The world’s largest companies own “magic devices” that allow them to talk to half of humanity at a trivial cost – and few of them know what to do with them. This year’s Financial Times-Bowen Craggs Index of corporate online effectiveness shows that, far from coming to a consensus about how they should be using their websites and social media channels, there is more variety than ever among the world’s biggest companies.
The FT BC Index has been running since 2007. The underlying database is updated constantly, but we publish a fresh set of numbers once a year to show the current trends. It judges corporate websites and other channels, but this is about much more than corporate communications – it is about the way huge companies speak to the world.
They may be speaking to customers, jobseekers, journalists, critics, neighbours, governments – but for each of them, the internet has become an increasingly vital channel. Call it “group level marketing” – marketing/promotion/messaging for the group as a whole – and it suddenly seems more important.
One conundrum is that, even though the speed of change seems phenomenal, few senior managers understand the internet’s importance except as a pure selling tool. The companies from which the list below is drawn are the 80 biggest in the world – only a handful come close to using it as they might.
Furthermore, the gap between those who “get it” and those who do not is widening. Some companies renowned for their tight management seem to lose all sense when it comes to online communications. ExxonMobil has just launched a corporate site that falls into the biggest current bear trap – mimicking sites such as Tumblr or Huffington Post, without thinking that its needs are quite different. The current trend for endless scrolling – with minimal navigation to guide visitors – just does not work for a complex, multi-audience website.
At the same time, other companies are getting increasingly slick. These are marked out by:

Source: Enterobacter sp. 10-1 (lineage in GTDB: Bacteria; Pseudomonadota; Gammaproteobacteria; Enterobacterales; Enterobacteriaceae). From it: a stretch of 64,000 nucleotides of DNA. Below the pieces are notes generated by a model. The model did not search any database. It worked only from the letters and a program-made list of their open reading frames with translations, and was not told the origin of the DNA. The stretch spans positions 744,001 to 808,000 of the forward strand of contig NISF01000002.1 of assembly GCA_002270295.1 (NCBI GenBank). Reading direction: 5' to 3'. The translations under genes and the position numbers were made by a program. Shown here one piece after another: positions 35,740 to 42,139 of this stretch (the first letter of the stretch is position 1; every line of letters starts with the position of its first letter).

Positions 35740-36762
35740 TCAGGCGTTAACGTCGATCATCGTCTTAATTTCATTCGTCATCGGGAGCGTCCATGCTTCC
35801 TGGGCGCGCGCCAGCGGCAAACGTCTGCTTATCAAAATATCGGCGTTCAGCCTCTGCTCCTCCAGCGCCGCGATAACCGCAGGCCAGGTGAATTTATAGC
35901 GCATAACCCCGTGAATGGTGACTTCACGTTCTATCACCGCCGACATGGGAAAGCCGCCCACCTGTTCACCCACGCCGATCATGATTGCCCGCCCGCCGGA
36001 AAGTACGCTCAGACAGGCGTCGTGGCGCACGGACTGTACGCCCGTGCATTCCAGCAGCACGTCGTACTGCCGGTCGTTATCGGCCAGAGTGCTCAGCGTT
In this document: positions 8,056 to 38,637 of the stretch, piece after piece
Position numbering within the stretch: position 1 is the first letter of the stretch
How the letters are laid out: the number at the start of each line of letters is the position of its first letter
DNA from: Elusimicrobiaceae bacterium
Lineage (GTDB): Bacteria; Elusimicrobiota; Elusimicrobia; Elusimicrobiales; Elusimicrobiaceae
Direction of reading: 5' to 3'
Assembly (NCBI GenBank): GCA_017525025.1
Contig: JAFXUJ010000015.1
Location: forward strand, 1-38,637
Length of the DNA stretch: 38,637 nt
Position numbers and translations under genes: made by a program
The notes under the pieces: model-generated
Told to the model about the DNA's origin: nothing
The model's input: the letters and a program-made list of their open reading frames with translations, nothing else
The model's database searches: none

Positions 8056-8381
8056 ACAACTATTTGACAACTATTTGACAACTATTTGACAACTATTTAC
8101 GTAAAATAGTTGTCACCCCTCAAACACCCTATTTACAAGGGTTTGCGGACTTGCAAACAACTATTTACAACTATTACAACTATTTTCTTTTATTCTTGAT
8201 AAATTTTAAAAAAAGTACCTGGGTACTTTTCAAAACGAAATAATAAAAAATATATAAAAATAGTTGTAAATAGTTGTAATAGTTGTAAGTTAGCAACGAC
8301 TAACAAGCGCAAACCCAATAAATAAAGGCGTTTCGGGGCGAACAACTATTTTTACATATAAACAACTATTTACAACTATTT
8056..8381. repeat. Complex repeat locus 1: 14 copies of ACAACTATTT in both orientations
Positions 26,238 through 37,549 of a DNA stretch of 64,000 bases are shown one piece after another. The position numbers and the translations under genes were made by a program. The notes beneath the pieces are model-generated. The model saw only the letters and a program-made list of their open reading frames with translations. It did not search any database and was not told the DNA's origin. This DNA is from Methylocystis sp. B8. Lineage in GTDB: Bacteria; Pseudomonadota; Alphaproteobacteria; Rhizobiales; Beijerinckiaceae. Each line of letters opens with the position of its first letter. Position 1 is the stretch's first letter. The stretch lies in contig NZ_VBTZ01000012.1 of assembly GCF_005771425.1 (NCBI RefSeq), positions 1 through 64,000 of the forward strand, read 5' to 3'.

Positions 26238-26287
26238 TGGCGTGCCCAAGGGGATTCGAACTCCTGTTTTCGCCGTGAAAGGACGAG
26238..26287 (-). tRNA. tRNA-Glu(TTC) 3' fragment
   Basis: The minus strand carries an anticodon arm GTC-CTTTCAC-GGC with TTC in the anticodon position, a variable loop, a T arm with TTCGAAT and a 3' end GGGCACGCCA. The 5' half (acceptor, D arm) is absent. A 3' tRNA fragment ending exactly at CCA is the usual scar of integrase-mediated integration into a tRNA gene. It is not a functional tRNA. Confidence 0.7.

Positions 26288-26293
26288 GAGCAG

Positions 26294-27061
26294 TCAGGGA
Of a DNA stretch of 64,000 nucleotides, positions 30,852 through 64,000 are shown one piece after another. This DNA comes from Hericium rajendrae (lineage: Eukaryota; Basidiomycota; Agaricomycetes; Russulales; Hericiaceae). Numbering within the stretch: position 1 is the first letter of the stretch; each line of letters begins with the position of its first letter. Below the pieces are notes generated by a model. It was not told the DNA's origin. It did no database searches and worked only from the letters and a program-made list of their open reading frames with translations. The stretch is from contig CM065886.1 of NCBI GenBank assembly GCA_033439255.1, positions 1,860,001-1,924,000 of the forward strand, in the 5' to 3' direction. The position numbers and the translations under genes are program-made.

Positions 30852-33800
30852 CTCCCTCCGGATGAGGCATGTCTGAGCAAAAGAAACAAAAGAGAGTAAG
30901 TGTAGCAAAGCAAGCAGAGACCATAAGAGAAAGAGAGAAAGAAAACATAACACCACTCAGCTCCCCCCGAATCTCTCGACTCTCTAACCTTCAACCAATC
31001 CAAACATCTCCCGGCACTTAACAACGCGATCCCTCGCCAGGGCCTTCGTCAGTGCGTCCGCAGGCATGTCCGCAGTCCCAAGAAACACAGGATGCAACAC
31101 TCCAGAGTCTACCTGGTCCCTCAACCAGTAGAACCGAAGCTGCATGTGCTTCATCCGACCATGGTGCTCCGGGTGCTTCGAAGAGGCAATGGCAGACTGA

• A refusal to go along with trends – they do things because they are appropriate. BP and Total have relaunched their sites with profoundly unfashionable left menu navigation. But they work. Nestlé, GSK and (again) Total have created mobile-friendly sites, but they have not put mobile usability first, as some others have. This is sensible, as fewer than 10 per cent of their visitors look at their sites on small screens.
• A belief that – if they want to get their messages across – they must not be boring. General Electric has some terrific magazine-style material, exploiting broadband-powered multimedia with verve. Siemens’ commissioned short films still shine. Shell’s videos of beasties under the sea are gripping, while Apple’s multimedia essays are rather beautiful (especially on tablets). This is, however in danger of being undermined by another fashion, for “stories” that are simply rather boring words labelled as stories. High-quality editorial control is still too rare.
• An understanding that the internet is the most flexible medium invented, and that to use a corporate site for only one purpose is to abuse it. Apple.com is fantastic at serving consumers; pretty useless for other groups.
• Notwithstanding the above, a realisation that online channels should also support specific needs of a company. Much-abused Nestlé crackles with clues that it wants to be seen as open. BP is still trying to repair its reputation post Gulf of Mexico. Goldman Sachs needs to continue attracting the brightest recruits.
To be right at the top of the index, you need to do all these and more. Apple, GE and Goldman score highly in some ways, but their usability is way off. Pfizer works well, but is dull. Use the table (more on our website) to pick out those that shine and fade in different areas.
Another common factor for the high performers is that they have all been polishing away at established sites. It is difficult for a good site to be relaunched and increase its score – glitches always get in the way. But let them settle and they will rise: BP, GSK and Qualcomm are relaunched sites to watch.
Top performers also see that “social media” are really a set of individual channels that do different things.
LinkedIn is often best for communicating the company’s attractions for jobseekers, Facebook for corporate social responsibility messaging for customers, jobseekers and the general public. Slideshare is useful for posting content for investors and analysts.
YouTube and Flickr are often used as extensions of the corporate website – essentially integrated channels for publishing further information about the company, rather than truly “social” media, inviting interaction. Real social media channels – Facebook, LinkedIn, Twitter – need careful, active management.
The most interesting development has been the use of Facebook as a reputation management tool. After struggling to understand it for years, a small number of companies are now using it well to respond to their critics. As with everything about the web, proper management (we call it governance) is what marks the good from the bad.
The writer is senior consultant at Bowen Craggs & Co. For the full ranking by different metrics, visit www.bowencraggs.com/FT-Bowen-Craggs-Index
Get alerts on Apple Inc when a new story is published